As we’ve entered the second quarter of 2010, we’ve noticed shifts in the employment market. Five of our previous six “Q1’s” have constituted the strongest hiring quarters in their respective years (2005-2009). Oddly enough, this included the difficult markets of 2008 and 2009. 2010, however, has shown a slower start but has increased exponentially in the last six weeks unlike any other quarterly transition we’ve experienced.

We’re noticing this precipitous rise in hiring needs of our clients as well as increases in requests from prospects and anecdotal requirements that never cease to come from our acquaintances seeking free-of-charge referrals. This is a great sign for the market in general, but it should also set off alert bells for companies looking to hire the best talent.

The most substantial shifts you’ll notice include improved quality of your prospective candidates as well as the degree to which those candidates scrutinize your organizations as potential employers. Disintegrating are the days of “easy” pickings for employers because of the high number of unemployed candidates.

Many of the stars that waited patiently throughout this volatile market will enter the job-changing game and selectively evaluate the best companies. The “under-employed”, those individuals who are inadequately employed through a lower-paying job or one that requires less skill than they possess, will also begin to more actively pursue attractive positions. As you start to notice a more balanced mix between quality and poor candidates, you’ll need to bolster your recruiting efforts to secure the stronger individuals.

Effectively Position Your Company – Know Your Candidate’s Evaluation Criteria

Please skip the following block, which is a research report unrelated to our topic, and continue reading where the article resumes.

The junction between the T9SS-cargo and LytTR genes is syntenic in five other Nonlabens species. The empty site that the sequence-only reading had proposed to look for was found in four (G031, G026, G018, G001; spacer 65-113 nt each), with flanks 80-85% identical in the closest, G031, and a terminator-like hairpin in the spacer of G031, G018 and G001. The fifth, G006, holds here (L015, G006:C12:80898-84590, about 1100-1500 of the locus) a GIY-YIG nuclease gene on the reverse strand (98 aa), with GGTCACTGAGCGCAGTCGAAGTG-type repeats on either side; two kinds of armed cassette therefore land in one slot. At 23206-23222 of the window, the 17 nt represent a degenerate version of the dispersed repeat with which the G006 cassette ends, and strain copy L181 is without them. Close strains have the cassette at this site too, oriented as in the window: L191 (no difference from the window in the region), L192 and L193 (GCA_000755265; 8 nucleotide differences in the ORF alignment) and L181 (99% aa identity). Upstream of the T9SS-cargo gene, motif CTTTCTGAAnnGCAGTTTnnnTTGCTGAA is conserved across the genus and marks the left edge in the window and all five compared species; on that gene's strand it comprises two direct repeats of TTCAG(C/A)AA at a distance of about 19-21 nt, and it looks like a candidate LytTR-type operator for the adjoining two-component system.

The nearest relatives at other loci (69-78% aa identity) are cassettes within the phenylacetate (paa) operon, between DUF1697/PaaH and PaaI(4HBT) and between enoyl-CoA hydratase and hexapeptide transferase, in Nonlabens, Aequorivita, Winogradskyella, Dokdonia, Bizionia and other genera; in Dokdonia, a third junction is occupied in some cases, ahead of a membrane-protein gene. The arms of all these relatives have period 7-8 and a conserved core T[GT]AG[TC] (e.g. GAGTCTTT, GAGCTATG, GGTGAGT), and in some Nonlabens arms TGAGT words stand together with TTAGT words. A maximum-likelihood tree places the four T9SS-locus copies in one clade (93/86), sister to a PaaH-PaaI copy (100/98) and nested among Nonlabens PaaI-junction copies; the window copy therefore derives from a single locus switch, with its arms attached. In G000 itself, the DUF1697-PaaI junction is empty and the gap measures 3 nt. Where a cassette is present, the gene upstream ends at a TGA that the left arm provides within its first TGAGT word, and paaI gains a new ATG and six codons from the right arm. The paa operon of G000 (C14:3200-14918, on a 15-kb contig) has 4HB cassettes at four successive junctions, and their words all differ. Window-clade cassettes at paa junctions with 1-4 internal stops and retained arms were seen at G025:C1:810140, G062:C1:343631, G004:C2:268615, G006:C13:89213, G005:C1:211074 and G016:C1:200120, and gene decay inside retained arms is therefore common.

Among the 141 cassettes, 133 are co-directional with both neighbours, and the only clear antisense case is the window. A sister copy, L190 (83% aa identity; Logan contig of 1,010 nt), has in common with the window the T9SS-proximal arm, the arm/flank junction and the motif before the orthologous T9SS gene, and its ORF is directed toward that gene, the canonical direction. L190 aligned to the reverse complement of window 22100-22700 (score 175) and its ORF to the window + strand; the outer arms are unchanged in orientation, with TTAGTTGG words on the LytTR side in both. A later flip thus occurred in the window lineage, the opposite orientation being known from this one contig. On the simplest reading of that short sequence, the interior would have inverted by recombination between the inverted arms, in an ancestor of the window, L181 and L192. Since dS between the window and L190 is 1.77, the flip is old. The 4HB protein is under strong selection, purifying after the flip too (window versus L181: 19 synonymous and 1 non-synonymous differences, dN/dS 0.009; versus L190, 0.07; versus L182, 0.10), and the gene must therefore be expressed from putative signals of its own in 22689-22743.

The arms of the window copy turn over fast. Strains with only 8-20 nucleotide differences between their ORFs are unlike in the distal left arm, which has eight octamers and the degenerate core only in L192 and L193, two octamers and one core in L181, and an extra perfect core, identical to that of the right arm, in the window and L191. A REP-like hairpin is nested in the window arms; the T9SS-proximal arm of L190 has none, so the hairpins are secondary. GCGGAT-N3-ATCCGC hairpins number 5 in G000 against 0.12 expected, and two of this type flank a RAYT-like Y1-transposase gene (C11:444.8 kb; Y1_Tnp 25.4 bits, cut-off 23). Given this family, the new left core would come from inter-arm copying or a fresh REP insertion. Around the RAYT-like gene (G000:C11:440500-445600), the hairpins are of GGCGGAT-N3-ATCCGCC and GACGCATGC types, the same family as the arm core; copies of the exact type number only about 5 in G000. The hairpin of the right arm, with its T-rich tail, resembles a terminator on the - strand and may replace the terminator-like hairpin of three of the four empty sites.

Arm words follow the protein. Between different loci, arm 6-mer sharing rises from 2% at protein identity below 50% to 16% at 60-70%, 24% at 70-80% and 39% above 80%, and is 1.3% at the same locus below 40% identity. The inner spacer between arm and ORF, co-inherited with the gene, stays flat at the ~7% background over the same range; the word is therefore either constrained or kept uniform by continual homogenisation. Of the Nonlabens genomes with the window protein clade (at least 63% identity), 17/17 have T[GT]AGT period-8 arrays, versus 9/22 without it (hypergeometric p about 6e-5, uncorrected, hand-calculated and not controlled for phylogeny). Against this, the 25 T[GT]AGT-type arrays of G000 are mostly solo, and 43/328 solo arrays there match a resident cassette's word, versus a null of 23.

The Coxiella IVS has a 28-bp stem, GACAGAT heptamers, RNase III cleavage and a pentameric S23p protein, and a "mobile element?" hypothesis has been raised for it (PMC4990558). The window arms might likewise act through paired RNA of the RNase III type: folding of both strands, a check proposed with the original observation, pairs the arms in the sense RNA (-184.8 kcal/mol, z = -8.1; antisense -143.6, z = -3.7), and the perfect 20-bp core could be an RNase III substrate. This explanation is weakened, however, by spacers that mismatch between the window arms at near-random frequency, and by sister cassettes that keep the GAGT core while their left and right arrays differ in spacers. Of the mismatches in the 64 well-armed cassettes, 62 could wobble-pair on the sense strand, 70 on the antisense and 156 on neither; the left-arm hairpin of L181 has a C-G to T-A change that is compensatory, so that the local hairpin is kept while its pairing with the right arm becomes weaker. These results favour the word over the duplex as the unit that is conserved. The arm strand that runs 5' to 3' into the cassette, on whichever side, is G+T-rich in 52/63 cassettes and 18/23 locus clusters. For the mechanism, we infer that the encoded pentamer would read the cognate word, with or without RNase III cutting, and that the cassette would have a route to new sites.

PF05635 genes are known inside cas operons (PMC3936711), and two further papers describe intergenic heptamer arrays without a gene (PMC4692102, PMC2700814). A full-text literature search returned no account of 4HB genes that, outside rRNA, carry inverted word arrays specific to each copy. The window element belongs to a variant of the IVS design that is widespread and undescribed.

To aid our clients, we provide a detailed look into a candidate’s “value-package criteria”. We define this as the candidate’s non-discretionary and discretionary criteria she uses to evaluate whether the employer satisfies her needs to the extent she should make a career change. It is ultimately aimed at ensuring the candidate makes a good long-term decision to join a company.

This information helps us determine whether our clients’ offerings match our candidates’ needs, but more importantly it provides our clients with critical information to help sell their organizations to the candidates (i.e., Sales 101 preaches you sell to the need).

Your recruiters and interviewers must elicit this information to effectively sell your organization and highlight its most attractive offerings to the candidate. To provide a head start, we’ve cited – in order of importance – the most common criteria gathered from our last 100 candidates. Keep in mind, milewalk candidates include individuals from various generations (Baby Boomer, Generation X, and to some degree Generation Y-Millennial) and that criteria varies based on age, gender, and role.

    1. Company’s Track Record & Position for Growth – Virtually every candidate I’ve ever worked with has heard me say this. “You join a company. You don’t join a job. If you join the right company, you typically don’t have the same job for very long. I mean that in a good way.” Practically all individuals cite this as their first condition. Over the last decade, people have seen the market ups and downs and understand there is no such thing as a truly stable company or role. They can, however, evaluate a company’s history and position for future growth. If you can speak to your organization’s evolution and, more importantly, its readiness to handle the challenges you’ll encounter in the next 12-36 months, you’re in good shape. If not, start coaching the interviewers because strong candidates can smell uncertainty a mile away.